For a healthy body, make sure you are eating enough fiber.
How much fiber should you eat?
According to the USDA Dietary Guidelines for 2010, most Americans consume an average of only 15 grams of dietary fiber per day. Compare that with recommendations of the Institute of Medicine:
In addition to more fiber, you should be eating fewer refined carbs -- such as those found in processed foods like white bread, white pasta and crackers.
What are high-fiber low carb foods?
This question is something of an oxymoron -- fiber is a carbohydrate; so are unrefined carbs. The question should be re-phrased as, "What high-fiber foods are also low in unrefined carbs?
Remember the foods your mother said were "good for you"? For me they included spinach, brussel sprouts, cauliflower, beets, sauerkraut, walnuts. If you were from the south, perhaps they also included turnip greens, collard greens, beet greens and mustard greens. Well, it turns out that they are good for you -- they have a high dietary fiber content (at least 3% percent by weight) and a high fraction (two-thirds or more) of their total carbs are dietary fiber.
Start your day with a nutritious, high-fiber cereal like All-Bran. A 26-gram serving (1/2 cup) has 13 grams of dietary fiber representing 65% of total carbs and 50% of total weight. All Bran has a 5-star rating for "optimum health" by NutritionData. Or consider corn bran. A 28 gram serving of corn bran has 17 grams of dietary fiber -- comprising 74% of total carbs and 60% of total weight.
What are good sources of fiber? Eat plenty of fruits and vegetables
There's an element of truth in the old adage, "An apple a day keeps the doctor away." Eating an apple with skin gives you plenty of vitamins and minerals. There's 4 grams of dietary fiber in a medium-sized apple, representing 14% of total fiber, 2% of total weight (There's a lot of water and sugar content in an apple.)
If you have never tried avocados, try one. An avocado has 13 grams of dietary fiber representing keto net carbs or total carbs 76% of total carbs, and 7% of total weight. (It also has water, but not much sugar.)
Can eating more high fiber carbs help you lose weight?
The USDA. Dietary Guidelines for 2010 cited studies that found that high-fiber diets were associated with lower body weight and lower waist circumference. A higher fiber diet will satisfy you longer so you end up eating fewer calories. It aids digestion and stool composition. And it reduces your risk of diabetes, colon cancer, obesity and other chronic diseases.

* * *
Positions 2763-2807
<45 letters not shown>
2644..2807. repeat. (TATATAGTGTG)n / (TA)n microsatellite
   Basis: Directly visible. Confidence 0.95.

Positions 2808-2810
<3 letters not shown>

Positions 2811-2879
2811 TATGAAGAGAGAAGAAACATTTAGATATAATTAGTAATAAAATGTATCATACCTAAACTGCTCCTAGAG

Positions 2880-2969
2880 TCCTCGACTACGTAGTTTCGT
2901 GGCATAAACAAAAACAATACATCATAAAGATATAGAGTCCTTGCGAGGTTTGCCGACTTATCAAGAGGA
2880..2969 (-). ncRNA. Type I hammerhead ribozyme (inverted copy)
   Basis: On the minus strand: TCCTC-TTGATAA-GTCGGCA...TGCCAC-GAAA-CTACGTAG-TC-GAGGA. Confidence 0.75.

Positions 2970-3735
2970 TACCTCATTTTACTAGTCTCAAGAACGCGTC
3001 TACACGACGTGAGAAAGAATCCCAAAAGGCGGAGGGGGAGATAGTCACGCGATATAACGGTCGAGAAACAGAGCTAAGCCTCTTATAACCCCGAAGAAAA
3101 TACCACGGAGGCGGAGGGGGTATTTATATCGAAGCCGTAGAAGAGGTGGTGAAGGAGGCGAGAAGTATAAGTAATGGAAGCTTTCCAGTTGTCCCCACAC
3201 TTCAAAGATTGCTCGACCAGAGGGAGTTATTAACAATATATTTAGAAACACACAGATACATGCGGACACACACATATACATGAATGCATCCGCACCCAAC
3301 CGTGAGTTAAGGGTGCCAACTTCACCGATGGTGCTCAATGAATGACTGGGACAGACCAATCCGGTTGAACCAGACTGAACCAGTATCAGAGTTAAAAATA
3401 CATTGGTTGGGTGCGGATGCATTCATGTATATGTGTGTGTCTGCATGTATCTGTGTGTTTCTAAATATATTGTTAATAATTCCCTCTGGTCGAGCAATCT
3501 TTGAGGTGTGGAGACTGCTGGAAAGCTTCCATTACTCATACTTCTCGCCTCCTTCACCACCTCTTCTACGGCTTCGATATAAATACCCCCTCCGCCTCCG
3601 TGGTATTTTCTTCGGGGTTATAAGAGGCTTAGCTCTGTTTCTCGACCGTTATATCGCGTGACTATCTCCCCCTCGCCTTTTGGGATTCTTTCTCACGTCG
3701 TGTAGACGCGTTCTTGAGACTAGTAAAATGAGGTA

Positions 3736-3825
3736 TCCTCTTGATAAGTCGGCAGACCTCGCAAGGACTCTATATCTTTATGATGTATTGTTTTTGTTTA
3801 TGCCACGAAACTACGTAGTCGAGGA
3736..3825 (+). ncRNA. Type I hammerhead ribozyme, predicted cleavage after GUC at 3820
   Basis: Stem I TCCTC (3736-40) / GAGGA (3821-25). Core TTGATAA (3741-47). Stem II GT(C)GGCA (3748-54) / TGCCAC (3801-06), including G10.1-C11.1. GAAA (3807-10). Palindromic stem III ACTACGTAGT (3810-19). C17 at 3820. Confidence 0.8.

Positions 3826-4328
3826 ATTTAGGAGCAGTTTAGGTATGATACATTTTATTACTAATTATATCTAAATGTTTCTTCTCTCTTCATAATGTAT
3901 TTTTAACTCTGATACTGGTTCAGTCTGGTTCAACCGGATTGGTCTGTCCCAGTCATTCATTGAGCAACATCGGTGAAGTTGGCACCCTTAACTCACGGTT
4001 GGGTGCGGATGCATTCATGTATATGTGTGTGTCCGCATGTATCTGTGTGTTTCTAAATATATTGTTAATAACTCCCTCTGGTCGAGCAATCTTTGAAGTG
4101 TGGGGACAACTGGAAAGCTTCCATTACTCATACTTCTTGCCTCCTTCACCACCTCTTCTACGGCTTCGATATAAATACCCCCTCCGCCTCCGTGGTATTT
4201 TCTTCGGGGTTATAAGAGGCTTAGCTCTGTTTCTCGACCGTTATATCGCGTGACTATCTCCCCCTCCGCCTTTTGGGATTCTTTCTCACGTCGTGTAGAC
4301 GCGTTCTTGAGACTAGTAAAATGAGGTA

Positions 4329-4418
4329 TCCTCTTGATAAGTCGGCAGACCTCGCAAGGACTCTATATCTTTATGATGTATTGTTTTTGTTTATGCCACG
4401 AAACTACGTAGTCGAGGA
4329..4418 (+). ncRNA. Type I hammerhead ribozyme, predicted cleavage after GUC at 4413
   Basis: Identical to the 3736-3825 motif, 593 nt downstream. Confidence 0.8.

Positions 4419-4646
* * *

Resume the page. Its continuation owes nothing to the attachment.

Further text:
One of the most common things that diabetics do to help them control their diet is carbohydrate counting. It is usually something that becomes a part of their daily routine where they keep track of what they eat, making sure that they do not eat too much sugar.
The carbohydrates that we ingest, mostly in the form of breads, cereals, and pasta, have a significant impact on our average blood glucose levels so it is important to keep track of carbs. The main goal in counting carbs is to make sure that each meal during the day stays within the carb limit for that meal. Once each meal is factored in, your total daily intake also needs to be within the limits, usually set by your doctor and based in part on your daily caloric intake.
The most basic approach is to simply count the number of grams of carbohydrates and total them. A common breakdown for a normal sized adult is, 30 grams at breakfast, 45 grams at lunch and 60 grams at dinner. Some nutritionists have made it a practice to increase the morning carbs and decrease a corresponding amount at dinner. The idea being that the metabolism needs carbs more during the day than it does while you sleep at night.
Another approach is to count carbohydrate servings where you approximate the value of portions of foods. A typical carbohydrate serving would be something that contains about fifteen grams of carbohydrates. This would be about the amount that you would obtain from a medium sized baked potato or a slice of whole wheat bread. People who use this method try to give each meal a certain amount of servings so that breakfast might have 3 servings and lunch might have two servings. Snacks would often have less than one serving per. This might make it easier to plan a week's worth of meals in advance.
No matter which way works best for you, it is still necessary to know the carbohydrate totals for the food that you will be eating. There are several great resources online that can give very accurate information for each different type of food, or you can read the food labels which are required to reveal carbohydrate and sugar per serving information. Remember always to pay attention to the serving size. A small bag of potato chips may have 3 servings in it.
Another important thing to note is the amount of dietary fiber in foods, especially grains and vegetables. High fiber foods actually provide a further benefit because some of the carbohydrate in a high-fiber meal isn't as available to be digested. Given the fact that most diets do not include enough fiber, there is additional benefit to adding it.